The disappointment of not getting picked by Team GB lit a fire in Cruiserweight Chris Billam-Smith which threatens to ignite a professional career of titles aplenty.
Bournemouth resident, Smith took his resume to 5-0 early this year, none making it to hear the final bell showing great promise under the guidance of Shane McGuigan.
In a stable that houses WBA Super Middleweight king George Groves, He is in the ideal place to witness first hand what sacrifices are made to make it to the top as he looks to replicate the glories of his idol.
Michael Shepherd took the opportunity recently to talk to Chris to bring you this TopClass Q&A:
Tell us about how you first got involved in the sport and your amateur career?
I started training properly at 16. My brother Ben had taken me a couple of times when I was younger but only a handful of times. But when I went to college I met a friend, Dean Porkins, who boxed and I became very good friends with him quickly and I started going training with him and a few other pals. Then I watched Dean box about 4 months into training on and off and I decided then that I wanted to give it a go. So 10 months later I had my first amateur fight.
I then went on to have 43 amateur fights losing 11. I won the novice class Bs in my 14th fight. Then went in the Elite ABAs. The first season I reached the quarters but I’d broke my hand the week before in the pre-quarters so I couldn’t go in quarters. I ended up going in the Elites 6 times reaching 3 quarters, 1 semi and 2 finals. I had GB assessments numerous times. Then eventually turned over
Do you think the amateur circuit is important for a young boxer to go through?
Yes, I do because you’re pretty much always in 50/50 fights which is great because you have to deal with nerves and how to turn up and perform on the night. The psychological side is very important. You also get good schooling of the basics.
What made you decide to turn professional & how old were you?
Not getting on the GB squad, I’ve always aimed to be the best so as an amateur I wanted to get on GB and box all around the world against the best. That didn’t happen so I decided to turn pro at 26. So I called Shane and we went from there.
What are your memories of your professional debut?
Great memories. At home in front of hundreds of people in an arena that creates the best atmosphere. I was boxing Russ Henshaw who I was going to box as an amateur at one stage and he had a winning record so I was excited to make a statement.
What is your favourite boxing memory so far?
I have quite a few, reaching ABA finals, making my debut at home, boxing on George’s undercard. It’s hard to pinpoint any particular moment. But I’m really enjoying my life and where it’s at. The gym is booming with so much talent and you can’t help but thrive off it.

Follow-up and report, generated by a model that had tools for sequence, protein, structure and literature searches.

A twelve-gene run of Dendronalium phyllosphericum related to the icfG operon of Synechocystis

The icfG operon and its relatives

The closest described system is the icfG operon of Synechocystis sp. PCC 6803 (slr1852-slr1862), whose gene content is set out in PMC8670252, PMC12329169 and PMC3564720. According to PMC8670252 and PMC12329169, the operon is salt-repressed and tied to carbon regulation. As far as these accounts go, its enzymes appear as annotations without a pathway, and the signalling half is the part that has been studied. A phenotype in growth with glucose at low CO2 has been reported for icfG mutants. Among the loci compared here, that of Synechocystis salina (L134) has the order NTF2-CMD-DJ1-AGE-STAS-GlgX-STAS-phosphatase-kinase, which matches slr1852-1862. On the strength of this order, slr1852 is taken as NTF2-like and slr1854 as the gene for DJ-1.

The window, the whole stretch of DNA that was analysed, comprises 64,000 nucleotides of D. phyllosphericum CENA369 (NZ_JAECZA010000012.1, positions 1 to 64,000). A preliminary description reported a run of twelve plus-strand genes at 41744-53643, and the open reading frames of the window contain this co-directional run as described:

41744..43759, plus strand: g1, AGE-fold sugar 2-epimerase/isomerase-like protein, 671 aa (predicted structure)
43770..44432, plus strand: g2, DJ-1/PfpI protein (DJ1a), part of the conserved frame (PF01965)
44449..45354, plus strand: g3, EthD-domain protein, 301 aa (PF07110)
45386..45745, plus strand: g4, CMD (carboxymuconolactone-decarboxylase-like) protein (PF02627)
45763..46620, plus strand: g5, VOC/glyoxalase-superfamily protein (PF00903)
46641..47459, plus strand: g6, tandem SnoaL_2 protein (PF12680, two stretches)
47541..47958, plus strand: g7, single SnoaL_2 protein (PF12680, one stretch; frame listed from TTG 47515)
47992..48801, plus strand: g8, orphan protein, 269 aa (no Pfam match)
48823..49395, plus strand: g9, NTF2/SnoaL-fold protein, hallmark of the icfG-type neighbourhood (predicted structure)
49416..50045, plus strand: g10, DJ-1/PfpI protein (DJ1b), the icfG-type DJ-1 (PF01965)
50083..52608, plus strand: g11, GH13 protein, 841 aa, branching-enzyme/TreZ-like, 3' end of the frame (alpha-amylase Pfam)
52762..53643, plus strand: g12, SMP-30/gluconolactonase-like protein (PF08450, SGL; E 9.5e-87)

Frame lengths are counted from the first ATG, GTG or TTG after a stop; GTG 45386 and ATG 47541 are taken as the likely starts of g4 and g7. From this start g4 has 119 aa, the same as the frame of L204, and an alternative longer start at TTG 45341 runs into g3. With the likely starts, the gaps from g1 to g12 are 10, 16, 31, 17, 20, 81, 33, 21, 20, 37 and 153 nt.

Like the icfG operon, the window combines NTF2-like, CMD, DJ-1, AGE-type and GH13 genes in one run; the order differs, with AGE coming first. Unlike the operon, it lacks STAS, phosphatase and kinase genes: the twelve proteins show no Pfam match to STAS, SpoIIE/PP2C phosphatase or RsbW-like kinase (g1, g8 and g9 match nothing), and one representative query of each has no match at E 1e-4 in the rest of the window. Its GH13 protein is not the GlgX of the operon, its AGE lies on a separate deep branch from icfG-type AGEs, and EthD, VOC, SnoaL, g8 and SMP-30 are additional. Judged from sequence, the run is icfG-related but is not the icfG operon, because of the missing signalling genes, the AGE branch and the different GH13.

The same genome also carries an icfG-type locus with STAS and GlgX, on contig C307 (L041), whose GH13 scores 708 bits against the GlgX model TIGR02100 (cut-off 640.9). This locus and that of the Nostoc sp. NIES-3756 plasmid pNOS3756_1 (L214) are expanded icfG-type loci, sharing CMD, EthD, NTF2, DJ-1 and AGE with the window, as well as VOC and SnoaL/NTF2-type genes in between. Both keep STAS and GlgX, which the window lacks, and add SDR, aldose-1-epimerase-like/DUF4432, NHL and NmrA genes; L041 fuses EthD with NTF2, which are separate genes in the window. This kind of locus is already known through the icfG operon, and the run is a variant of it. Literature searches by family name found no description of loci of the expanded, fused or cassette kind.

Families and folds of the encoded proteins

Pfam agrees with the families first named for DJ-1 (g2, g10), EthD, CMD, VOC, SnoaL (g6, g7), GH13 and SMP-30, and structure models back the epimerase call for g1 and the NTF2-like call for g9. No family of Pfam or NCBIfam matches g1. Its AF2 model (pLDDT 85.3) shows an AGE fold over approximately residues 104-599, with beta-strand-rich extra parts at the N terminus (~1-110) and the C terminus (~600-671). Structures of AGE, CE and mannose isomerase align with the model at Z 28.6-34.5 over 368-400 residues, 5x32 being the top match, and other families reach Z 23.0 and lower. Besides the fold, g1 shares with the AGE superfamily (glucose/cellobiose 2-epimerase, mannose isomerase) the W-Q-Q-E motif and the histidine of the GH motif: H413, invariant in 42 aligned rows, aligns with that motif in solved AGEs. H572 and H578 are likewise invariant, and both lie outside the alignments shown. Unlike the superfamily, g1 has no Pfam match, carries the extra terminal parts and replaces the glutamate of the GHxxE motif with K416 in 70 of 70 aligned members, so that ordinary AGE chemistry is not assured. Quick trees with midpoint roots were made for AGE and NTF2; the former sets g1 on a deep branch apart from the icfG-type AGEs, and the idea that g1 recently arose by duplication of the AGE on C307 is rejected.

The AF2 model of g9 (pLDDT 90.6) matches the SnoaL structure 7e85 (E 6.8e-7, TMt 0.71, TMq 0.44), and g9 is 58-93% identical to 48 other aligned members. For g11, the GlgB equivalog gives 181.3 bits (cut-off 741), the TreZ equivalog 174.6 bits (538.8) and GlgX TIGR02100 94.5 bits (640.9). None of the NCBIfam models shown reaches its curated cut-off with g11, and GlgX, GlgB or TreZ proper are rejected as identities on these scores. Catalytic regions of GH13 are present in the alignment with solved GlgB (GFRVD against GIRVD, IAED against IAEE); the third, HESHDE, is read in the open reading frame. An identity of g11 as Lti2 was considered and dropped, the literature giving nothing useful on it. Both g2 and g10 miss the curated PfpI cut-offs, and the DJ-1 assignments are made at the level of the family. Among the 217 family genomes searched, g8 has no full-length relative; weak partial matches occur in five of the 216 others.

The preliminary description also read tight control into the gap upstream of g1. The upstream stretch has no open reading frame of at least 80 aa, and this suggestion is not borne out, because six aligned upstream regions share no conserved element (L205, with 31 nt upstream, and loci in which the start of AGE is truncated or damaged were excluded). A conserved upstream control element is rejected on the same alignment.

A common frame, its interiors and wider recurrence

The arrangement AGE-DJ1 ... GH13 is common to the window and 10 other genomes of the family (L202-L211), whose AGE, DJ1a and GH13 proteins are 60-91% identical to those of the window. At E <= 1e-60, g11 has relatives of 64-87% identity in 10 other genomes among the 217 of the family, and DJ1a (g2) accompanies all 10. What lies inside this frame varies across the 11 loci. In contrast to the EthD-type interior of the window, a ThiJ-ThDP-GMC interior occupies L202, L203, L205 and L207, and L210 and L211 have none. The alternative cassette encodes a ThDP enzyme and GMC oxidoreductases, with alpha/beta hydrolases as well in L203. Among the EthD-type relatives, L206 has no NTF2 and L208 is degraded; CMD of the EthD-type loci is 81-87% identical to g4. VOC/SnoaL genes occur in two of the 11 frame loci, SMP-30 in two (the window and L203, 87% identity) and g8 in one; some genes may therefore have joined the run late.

For people that haven’t seen you box, talk me through your style? What are your best qualities?
I haven’t shown it as a pro yet but I’m very adaptable, but my footwork, speed and Jab I’d say are my best qualities, under Shane, that may all change in 6 months time as he’s developing all areas to my game, its great!
Who are some of the best you’ve sparred with to date & how beneficial was it for you?
The best two would be David Haye and George Groves. David had very good head movement and made you miss a lot. George has (as everyone knows) a very sharp jab and heavy hands, but the way he sets his attacks up is great. You don’t realise how good he is until you get in there with him, and I think that has been shown throughout his career and he’s only getting better.
Do you feel any pressure that you are looked at and labelled a great British prospect?
Labels don’t change anything. You can draw inspiration from them but at end of the day, you still got to do all the work and improve every day. Being with the team I’m with I guess adds pressure but I love it. Serena Williams once said ‘pressure is a privilege’ and I have to agree with her. Only the best have pressure put on them.
What’s it like having Team McGuigan behind you?
It’s brilliant. They have got me on TV shows as well as boxing at home and have proven Shane is a great coach. But most of all they are good people, I expect to have a long successful career and a lifetime friendship with the whole family.
All-time favourite Fighter?
I’m going to get a lot of stick for this in the gym but I do anyway, but George Groves. I’ve been a fan of his for years and years long before I got the opportunity to spar him. It’s mad how we’re now stablemates. People say don’t meet your idols…. I’ll have to disagree on that one.
Who inspired you to pull on the gloves?
My brother Ben and Dean Porkins. I watched the film Ali as a kid and loved that too. But they were the 2 that inspired me most.
What songs are always on the gym playlist when you are training?
Shane has the control over the music so there is a lot of different genre’s. Soul music, indie, Rock like Arctic Monkeys, Oasis, Kasabian, then he’ll chuck in some Eminem and other rap. All sorts.
Any short term and long term goals at this point, or anything that you would like to achieve in X amount of time?
I’m going to win a title of some sort this year. But then I want to move on to British title and beyond. I just want to go as far as I can and I’ll keep going. That’s how I was as an amateur. I have goals that just keep growing, once you achieve one there is another one you want.
What is going on with your boxing career now- Can you tell readers when? Where? And against whom you will be fighting next?
June 16th in Bournemouth at the O2 Academy against Michal Plesnik whos had 8 won 6 with 5 kos and never been stopped… so far.
What are your hopes for the rest of 2018 & 2019?
Win some titles and bring some big fights down to Bournemouth
Final words or closing statements?
Thanks for your questions and I hope everyone enjoys my career. It’ll be exciting and fun